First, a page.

This is the first Open Thread of 2011.
The Open Thread is a general discussion forum, where you can talk about whatever you like — there is nothing ‘off topic’ here — within reason. So get up on your soap box! The standard commenting rules of courtesy apply, and at the very least your chat should relate to the broad theme of the blog (climate change, sustainability, energy, etc.). You can also find this thread by clicking on the Open Thread category on the cascading menu under the “Home” tab.
I like to kick of with a conversation starter on these threads. One ‘argument’ that is often pushed when anti-nuclear activists protest against the deployment of nuclear energy is that there is a risk, however minute, of some catastrophe. A recent example comes from the painfully unoriginal regurgitation of memes that was posted on Climate Spectator last week, “Behind’s Nuclear’s New Face“, where the author said:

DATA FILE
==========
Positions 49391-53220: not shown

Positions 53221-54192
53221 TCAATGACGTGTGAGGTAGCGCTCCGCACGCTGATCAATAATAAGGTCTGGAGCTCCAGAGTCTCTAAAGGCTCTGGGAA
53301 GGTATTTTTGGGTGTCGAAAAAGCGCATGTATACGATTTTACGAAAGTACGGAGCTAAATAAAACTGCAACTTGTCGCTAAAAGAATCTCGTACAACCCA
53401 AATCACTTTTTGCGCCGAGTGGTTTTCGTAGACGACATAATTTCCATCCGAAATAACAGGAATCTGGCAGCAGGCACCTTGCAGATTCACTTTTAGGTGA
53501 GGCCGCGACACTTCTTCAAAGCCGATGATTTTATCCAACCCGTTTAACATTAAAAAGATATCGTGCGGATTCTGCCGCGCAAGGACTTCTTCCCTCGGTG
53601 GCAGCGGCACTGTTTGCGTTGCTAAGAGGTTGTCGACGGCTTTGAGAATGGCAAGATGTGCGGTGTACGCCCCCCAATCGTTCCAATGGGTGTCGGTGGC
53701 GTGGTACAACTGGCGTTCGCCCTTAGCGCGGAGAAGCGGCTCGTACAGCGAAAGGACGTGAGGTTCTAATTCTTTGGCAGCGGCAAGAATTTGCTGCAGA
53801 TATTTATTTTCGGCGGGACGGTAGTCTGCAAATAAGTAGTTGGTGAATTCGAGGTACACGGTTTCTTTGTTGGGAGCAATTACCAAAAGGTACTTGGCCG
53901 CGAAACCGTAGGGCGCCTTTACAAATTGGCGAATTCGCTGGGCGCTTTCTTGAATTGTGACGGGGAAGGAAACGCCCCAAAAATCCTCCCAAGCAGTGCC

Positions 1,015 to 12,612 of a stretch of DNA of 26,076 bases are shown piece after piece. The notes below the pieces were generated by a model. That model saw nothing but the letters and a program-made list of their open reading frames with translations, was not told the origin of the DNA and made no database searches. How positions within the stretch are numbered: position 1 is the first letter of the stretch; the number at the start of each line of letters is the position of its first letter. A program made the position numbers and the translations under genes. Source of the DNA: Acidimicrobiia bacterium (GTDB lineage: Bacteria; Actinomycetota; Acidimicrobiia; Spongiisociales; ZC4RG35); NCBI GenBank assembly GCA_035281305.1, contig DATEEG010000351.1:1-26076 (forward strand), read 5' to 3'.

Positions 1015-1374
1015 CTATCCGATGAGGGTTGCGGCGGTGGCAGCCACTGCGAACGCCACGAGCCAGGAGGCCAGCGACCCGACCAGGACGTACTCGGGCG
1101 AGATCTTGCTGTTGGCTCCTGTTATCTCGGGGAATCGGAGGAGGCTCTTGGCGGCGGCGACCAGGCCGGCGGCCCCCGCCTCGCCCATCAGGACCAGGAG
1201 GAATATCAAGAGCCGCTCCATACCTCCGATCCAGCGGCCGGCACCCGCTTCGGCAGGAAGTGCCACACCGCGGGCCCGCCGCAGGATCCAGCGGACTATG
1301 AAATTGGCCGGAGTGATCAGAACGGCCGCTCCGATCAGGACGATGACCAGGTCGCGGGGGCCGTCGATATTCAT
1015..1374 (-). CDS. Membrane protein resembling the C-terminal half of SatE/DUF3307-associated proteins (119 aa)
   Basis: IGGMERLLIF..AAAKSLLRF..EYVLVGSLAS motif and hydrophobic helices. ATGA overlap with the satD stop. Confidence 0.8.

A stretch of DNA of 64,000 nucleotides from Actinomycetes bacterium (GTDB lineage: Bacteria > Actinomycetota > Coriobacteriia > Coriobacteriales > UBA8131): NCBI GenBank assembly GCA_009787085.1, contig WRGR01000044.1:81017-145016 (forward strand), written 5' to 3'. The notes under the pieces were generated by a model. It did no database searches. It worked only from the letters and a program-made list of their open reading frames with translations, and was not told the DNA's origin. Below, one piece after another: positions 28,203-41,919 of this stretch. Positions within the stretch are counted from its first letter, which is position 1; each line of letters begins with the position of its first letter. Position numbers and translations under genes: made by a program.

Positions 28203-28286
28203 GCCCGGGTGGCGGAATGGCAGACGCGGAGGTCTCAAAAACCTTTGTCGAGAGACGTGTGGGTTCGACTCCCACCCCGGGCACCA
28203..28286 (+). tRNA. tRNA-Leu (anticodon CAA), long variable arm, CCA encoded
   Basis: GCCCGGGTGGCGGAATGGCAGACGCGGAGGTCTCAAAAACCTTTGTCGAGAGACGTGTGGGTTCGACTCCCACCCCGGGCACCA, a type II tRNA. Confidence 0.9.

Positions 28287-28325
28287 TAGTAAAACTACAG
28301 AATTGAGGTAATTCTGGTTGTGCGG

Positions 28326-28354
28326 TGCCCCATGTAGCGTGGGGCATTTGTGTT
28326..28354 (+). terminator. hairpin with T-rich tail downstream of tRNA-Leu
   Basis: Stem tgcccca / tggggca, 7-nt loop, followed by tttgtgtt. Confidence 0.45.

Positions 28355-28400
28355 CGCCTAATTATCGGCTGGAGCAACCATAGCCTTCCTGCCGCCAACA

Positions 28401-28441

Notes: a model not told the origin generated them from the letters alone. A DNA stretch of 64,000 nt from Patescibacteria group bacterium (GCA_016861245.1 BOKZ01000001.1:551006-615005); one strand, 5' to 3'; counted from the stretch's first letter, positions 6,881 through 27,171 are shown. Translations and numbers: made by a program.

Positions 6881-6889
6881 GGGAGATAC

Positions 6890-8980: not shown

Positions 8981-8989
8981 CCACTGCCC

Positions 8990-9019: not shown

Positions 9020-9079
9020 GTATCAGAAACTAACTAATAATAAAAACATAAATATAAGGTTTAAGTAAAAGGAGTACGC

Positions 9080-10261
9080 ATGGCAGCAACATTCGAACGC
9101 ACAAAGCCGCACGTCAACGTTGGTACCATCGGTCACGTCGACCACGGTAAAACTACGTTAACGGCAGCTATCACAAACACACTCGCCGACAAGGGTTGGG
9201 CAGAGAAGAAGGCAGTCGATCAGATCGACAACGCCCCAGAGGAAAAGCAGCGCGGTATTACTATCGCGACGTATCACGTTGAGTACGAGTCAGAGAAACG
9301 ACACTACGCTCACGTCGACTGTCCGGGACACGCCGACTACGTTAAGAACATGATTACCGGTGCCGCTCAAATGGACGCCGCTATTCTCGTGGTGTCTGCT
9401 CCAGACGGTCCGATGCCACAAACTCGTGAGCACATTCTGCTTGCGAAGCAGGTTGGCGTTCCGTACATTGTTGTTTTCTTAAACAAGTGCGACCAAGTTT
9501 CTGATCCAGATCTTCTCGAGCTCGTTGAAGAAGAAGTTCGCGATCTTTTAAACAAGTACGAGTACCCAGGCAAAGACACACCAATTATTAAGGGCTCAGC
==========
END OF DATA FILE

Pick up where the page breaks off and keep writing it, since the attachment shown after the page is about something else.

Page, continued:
One 1000 MW reactor generates about 20 tonnes of spent fuel every year. This is enough to poison millions of people, and will remain deadly for over 100,000 years.
One can only presume that she imagines this might occur via some magical intervention that allows for the complete aerosolation and dispersion of the fuel — a super-Chernobyl perhaps? The mind boggles…
But what caught my eye was one of the comments in response, where commenter “Maxwell Smith” said:
Julie is happy to put all eggs in the one basket, or maybe two baskets (solar and wind power). Another volcanic explosion the size of the Tambora (Indonesia) volcanic expolsion would virtually shutdown solar power generation for 2-3 years.
It’s an interesting take — especially because it’s a sound bite, and in debating situations, they are very useful. After all, if we relied largely on nuclear energy and intensive food production via mega-greenhouses etc. in the future (powered by nuclear heat, electricity, synthetic fuels and desalinated water), we’d have a much greater chance of getting through another such ‘supervolcano’ event with most of the human population intact.
Anyway, look forward to the comments on this, and just about anything else you want to raise, on climate change or sustainable energy…
Filed under: Open Thread